I have a bit of a confusion between the speed of sound and the mean thermal speed in liquid water. In LBM when one wants to discretize the LB equation on a grid one uses

c = dx/dt = c[sub]s[/sub]/sqrt(3)

Now is the value of the c[sub]s[/sub] here the mean thermal speed of water molecules at a temperature given by

c[sub]m[/sub] = sqrt(3kT/m) [~550 m/s at 298 K]

or is it the speed of sound given by

c[sub]s[/sub] = sqrt((c[sub]p[/sub]/c[sub]v[/sub])*RT) [~1500 m/s at 298 K].

where c[sub]p[/sub] and c[sub]v[/sub] are the specific heats at constant pressure and volume respectively.

This directly affects the limit on the Mach number of the fluid flow that one can simulate and therefore it is important to know about which one to use in simulations. Would really appreciate any insights related to this that anyone might have…thanks.

Yes, c[sub]s[/sub] is the sound speed in the fluid, which means that an acoustic wave in your simulation would propagate at a speed c[sub]s[/sub]. I think you may have a small error in your first equation there; dx is the distance between nodes and dt is the time step, right? Then

c[sub]s[/sub] = c / sqrt(3) .

A sound wave therefore moves more slowly than the individual particles in the model.

This corresponds with the case of an ideal gas, for which the basic Boltzmann equation is valid. The thermal speed in an ideal gas is a bit higher than the speed of sound, just like in LBM simulations.

For a liquid, your numbers show that this is not the case; in water, the mean thermal speed is lower than the speed of sound. Still, even though the LBM is a discretisation of an equation for gases, you can use the LBM to simulate liquids as the method still gives you the correct Navier-Stokes behaviour.

Thanks for your response and yes the first equation I wrote was erroneous.

So, what confused me was this:

When one expands the equilibrium distribution in a Taylor series about the macroscopic velocity u then in the denominator one ends up with terms involving RT and i[sup]2[/sup][/i] which for ideal gases is passed off in terms of the speed of sound with the relation c[sub]s[/sub] = sqrt(RT). This is ok for ideal gases because these terms can be used interchangeably. But there are instances in articles where instead of the terms involving RT in the denominator c[sub]s[/sub] is directly used and for liquids or non-ideal gases that would involve an extra factor of gamma as defined in my previous post.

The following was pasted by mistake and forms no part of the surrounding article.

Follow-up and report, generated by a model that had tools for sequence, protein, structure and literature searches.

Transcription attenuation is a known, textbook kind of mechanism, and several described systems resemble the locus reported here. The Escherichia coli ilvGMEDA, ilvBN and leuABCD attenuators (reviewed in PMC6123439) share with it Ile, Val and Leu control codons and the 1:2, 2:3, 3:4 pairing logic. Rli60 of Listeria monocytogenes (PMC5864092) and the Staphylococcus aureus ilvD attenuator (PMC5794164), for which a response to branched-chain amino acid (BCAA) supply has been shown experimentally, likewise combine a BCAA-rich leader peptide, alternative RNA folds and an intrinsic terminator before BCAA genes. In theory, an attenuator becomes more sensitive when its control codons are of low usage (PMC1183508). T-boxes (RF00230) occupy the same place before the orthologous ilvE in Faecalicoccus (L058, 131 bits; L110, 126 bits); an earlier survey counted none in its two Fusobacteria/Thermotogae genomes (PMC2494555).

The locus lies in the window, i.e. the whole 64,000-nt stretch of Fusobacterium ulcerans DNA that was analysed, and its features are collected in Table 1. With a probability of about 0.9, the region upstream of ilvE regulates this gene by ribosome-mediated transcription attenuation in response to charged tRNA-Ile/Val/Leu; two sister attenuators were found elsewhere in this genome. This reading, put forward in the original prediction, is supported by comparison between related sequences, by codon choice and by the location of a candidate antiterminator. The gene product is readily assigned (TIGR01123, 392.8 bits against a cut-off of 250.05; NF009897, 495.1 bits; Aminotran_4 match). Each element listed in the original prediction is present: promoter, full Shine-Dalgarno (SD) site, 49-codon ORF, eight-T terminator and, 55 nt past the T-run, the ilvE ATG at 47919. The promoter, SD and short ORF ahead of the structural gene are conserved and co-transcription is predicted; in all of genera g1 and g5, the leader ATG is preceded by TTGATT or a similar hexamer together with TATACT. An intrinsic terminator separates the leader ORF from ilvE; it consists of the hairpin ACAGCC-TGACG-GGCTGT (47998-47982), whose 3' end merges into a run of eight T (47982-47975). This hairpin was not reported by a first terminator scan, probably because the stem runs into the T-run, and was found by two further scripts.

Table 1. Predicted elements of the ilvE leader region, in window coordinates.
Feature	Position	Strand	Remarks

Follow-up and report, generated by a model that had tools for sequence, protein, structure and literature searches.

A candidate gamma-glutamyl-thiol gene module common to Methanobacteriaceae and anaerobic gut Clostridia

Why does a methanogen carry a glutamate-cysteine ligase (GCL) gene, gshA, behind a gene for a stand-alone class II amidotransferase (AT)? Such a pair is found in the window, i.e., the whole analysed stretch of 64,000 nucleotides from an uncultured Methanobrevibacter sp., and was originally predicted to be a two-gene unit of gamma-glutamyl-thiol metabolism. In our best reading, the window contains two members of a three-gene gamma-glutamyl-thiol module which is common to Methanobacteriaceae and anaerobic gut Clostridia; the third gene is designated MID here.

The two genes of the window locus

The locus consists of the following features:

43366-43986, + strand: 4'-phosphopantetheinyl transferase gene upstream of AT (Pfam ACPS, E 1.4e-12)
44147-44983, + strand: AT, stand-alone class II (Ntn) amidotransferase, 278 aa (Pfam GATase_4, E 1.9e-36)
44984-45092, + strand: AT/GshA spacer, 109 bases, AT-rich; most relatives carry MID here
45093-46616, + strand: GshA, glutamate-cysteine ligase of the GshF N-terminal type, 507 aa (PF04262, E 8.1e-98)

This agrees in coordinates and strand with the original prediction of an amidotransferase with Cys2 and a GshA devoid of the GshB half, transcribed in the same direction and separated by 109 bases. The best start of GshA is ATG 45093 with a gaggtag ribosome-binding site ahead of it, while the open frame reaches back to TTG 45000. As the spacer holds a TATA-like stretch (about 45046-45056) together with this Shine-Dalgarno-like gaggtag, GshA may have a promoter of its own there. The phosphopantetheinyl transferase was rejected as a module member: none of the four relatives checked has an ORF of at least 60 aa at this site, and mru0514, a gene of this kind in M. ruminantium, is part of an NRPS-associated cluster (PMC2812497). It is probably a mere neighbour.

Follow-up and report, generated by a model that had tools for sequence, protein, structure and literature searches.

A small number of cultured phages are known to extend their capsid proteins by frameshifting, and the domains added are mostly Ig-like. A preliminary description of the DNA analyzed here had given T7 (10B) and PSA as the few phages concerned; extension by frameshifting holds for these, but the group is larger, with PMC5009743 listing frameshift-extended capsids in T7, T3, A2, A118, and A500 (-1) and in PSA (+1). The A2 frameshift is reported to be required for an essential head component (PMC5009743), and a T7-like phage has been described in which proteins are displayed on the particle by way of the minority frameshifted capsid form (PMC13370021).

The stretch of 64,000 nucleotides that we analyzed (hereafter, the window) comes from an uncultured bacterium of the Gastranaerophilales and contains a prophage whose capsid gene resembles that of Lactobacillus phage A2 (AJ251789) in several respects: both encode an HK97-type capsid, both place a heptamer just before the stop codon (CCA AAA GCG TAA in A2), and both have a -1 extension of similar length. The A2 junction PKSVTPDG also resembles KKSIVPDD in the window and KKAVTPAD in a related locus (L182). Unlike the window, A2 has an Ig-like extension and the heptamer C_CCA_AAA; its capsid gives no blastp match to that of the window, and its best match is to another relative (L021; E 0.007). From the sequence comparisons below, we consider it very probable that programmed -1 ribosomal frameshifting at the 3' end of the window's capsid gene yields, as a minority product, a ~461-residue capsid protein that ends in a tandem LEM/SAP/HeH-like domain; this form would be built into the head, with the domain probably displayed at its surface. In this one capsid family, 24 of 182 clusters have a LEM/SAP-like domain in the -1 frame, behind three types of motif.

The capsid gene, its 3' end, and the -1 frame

"For a liquid, your numbers show that this is not the case; in water, the mean thermal speed is lower than the speed of sound. Still, even though the LBM is a discretisation of an equation for gases, you can use the LBM to simulate liquids as the method still gives you the correct Navier-Stokes behaviour. "

To rephrase then:

For simulating liquids the expansion for the equilibrium distribution function would then involve the speed of sound c[sub]s[/sub] as defined by

c[sub]s[/sub] = sqrt(gamma*(RT/M))

in the denominator terms.

I hope, I am understanding this correctly? Thanks.

is unfortunately only valid for ideal gases. It gives you accurate results for e.g. air, but punching in numbers for water (assuming gamma is 1.33) gives me around 430 m/s. This is about a third of the real value, which is around 1500 m/s.

In fact, as far as I know, there is no equation of state which is as accurate for liquids as the ideal gas law is for dilute gases. (When the marine acousticians in my research group estimate the speed of sound in water, they use an instrument to measure things like temperature and salinity and put these into big ugly empirical formulas that predict c[sub]s[/sub] quite well.)

Thus, when the LBM is applied to liquids, some of the theoretical development (i.e. the connection to ideal gases with R*T) is not really valid anymore. The method still works, but that is because its resulting behaviour corresponds with the Navier-Stokes equation, which describes the behaviour of both gases and liquids.

So, to give a direct answer to your questions: First, you’re correct in saying that the expansion of the equilibrium distribution would contain c[sub]s[/sub]. Many LB articles write the expansion using c[sub]s[/sub], no matter the fluid which is being interested. Second, you’re correct in saying that the particle propagation speed c is connected to the speed of sound as c = sqrt(3)*c[sub]s[/sub], and not to the thermal speed.